Christopher Langner is a markets columnist for Bloomberg Gadfly. He previously covered corporate finance for Bloomberg News, and has written for Reuters/IFR, Forbes, the Wall Street Journal and Mergermarket.

Donald Trump has said much about rewriting trade agreements, prompting investors to steer clear of the likes of Brazil and Mexico in the aftermath of the U.S. election. But investors should pause before selling, or buying. If his words are taken at face value, stock markets in Japan and South Korea could stand to lose more.

Japan's Topix rallied as much as 5.5 percent Thursday while the Kospi Index rose 2 percent. Brazil's Ibovespa, meanwhile, closed 1.4 percent lower on Wednesday and shares in Mexico dropped 2.2 percent.

That's topsy-turvy, considering the biggest component of the Topix is Toyota Motor Corp., which could face a backlash in a Trump administration. Consumer discretionary stocks, which include carmakers, and industrial companies comprise more than 40 percent of the benchmark, and both are likely to face higher export barriers.

South Korean automakers are treading even more dangerous waters given a lot of the vehicles that they sell in America are produced elsewhere. What's more, Samsung Electronics Co. accounts for 18.7 percent of the Kospi, and Trump has pledged to force Apple Inc. to produce the iPhone in the U.S.

True, Trump is said to use a Samsung Galaxy smartphone, but as Bloomberg Intelligence analyst Caitlin Webber pointed out, that won't exempt the company from facing higher costs to sell its handsets in America.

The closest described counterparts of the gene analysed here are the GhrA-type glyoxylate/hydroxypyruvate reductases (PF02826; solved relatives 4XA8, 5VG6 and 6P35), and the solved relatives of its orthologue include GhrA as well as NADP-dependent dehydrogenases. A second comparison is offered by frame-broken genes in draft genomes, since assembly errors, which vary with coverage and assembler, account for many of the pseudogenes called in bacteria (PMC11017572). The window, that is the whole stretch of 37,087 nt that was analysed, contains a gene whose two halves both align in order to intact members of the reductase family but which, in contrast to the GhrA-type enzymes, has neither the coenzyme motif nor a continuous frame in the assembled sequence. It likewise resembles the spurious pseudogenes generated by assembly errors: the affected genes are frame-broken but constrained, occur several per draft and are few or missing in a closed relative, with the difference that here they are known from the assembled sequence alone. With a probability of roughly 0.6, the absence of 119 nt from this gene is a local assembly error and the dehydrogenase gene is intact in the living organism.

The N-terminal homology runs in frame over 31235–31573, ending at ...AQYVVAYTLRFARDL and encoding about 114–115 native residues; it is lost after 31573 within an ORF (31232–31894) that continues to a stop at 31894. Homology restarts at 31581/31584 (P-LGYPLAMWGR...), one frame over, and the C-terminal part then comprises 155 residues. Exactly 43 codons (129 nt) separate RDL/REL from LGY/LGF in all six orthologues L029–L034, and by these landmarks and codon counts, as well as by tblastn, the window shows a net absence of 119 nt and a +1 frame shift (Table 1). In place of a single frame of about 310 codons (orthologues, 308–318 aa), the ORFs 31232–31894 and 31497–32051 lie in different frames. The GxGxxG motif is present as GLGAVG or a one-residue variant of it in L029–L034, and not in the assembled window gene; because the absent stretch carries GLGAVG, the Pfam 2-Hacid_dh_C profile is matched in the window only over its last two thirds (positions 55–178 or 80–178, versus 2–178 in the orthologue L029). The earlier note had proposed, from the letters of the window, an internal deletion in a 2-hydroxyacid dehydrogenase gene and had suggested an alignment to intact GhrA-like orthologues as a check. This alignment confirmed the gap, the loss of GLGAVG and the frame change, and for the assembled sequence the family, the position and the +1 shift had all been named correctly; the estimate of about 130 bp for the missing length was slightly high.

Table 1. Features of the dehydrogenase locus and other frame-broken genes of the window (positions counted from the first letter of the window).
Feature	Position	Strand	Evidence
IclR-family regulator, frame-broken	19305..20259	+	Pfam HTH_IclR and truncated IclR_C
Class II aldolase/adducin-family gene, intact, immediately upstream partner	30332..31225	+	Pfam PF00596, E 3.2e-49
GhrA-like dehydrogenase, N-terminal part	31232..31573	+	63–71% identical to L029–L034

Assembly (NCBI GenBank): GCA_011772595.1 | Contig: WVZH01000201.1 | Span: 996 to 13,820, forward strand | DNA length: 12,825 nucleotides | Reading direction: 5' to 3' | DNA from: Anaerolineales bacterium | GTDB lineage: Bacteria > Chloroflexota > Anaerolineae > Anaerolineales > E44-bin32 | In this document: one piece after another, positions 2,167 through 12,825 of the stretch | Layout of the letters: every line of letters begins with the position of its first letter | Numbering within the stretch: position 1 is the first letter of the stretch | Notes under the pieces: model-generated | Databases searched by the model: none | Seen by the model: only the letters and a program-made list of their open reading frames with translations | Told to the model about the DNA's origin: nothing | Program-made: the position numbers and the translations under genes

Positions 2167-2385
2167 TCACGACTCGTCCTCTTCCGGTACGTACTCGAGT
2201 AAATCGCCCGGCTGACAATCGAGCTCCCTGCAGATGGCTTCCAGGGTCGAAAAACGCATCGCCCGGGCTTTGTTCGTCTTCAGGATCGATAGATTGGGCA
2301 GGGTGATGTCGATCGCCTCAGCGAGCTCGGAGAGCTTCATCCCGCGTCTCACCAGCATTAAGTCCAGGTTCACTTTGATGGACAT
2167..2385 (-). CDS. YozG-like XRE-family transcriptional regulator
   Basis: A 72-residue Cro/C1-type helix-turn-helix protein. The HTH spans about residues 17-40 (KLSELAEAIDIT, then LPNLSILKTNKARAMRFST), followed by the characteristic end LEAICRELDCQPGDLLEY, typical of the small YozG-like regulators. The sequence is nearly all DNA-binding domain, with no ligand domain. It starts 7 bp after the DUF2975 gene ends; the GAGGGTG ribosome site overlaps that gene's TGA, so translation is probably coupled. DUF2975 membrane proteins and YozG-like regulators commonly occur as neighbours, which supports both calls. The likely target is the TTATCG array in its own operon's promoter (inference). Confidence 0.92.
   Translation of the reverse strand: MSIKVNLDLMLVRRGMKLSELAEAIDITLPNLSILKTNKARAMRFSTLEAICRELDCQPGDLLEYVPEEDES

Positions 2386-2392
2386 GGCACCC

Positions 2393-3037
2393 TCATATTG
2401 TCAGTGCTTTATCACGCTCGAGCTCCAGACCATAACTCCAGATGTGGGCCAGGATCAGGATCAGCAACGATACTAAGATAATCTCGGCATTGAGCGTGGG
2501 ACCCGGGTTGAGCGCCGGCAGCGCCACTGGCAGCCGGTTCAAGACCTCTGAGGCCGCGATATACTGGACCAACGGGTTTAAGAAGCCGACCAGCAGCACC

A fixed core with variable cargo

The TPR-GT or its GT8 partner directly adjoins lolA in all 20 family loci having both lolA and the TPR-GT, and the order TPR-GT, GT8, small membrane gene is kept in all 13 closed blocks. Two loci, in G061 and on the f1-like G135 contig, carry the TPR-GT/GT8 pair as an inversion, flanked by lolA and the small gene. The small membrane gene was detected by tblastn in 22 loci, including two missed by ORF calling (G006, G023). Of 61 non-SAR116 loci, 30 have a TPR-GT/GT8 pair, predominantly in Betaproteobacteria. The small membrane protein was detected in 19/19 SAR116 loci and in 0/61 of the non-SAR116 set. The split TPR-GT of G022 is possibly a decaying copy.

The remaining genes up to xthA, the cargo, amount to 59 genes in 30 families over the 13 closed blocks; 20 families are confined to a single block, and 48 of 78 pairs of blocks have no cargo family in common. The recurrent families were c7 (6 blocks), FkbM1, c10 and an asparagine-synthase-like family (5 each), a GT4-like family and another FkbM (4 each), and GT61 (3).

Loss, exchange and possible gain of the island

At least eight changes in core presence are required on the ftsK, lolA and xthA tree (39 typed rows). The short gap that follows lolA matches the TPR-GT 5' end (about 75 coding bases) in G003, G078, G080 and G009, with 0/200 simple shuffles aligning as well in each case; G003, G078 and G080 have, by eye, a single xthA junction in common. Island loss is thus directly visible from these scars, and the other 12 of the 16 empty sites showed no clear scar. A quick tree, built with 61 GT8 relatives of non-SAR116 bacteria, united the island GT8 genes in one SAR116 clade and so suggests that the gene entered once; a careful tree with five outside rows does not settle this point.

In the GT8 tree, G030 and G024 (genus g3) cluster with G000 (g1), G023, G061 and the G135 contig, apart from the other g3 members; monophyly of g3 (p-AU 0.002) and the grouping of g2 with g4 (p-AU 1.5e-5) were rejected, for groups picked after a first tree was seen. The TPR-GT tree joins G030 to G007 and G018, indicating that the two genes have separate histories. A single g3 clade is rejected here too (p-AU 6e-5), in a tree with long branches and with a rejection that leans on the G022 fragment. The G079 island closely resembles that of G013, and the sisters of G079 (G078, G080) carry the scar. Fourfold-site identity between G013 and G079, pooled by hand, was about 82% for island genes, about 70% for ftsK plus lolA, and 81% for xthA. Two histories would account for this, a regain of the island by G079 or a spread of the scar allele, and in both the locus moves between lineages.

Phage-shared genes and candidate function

In fact, almost 55 percent of the Kospi is made up of industrial, consumer discretionary, and information technology firms, many of which rely heavily on exports to the U.S.

Upside Down
Companies that manufacture things abroad and sell to the U.S. dominate the Japanese and Korean stock indexes, while Mexico and Brazil are mostly skewed toward raw materials and internal consumption plays that could benefit from Trump's promise to invest in infrastructure
Source: Bloomberg

Some 23 percent of Mexico's Bolsa, by contrast, consists of two companies that depend mainly on the local market. Coca-Cola bottler Fomento Economico Mexicano SAB has diversified into convenience stores and beat estimates in its latest quarterly report. Its products generally don't suffer too much in an economic downturn and, if anything, stand to gain if more Mexicans return home. A similar logic applies to America Movil SAB, Latin America's largest local mobile operator.

What Lies Beneath
Japan and Korea rallied while Brazil and Mexico tanked after Donald Trump won the U.S. presidential election
Source: Bloomberg
Note: Indexed to Nov. 1, 2016 for comparison.

Then there's Cemex SAB, which comprises almost 8 percent of the gauge. Mexico's biggest producer of cement has plants in America and would be a winner from Trump's promise to rebuild infrastructure. In other words, one third of the Bolsa could actually see better earnings thanks to the President-elect.

Brazil is a similar case. Raw materials and energy companies are 30 percent of the index and if roads and hospitals are being built in the U.S., the commodities they sell will be in high demand. Another 34 percent comprises financial firms, which depend largely on domestic business.

Investors tend to react on instinct when something as unexpected as the victory of Donald Trump happens. Eventually, as they look more closely, reason prevails.

This column does not necessarily reflect the opinion of Bloomberg LP and its owners.

To contact the author of this story:
Christopher Langner in Singapore at

To contact the editor responsible for this story:
Katrina Nicholas at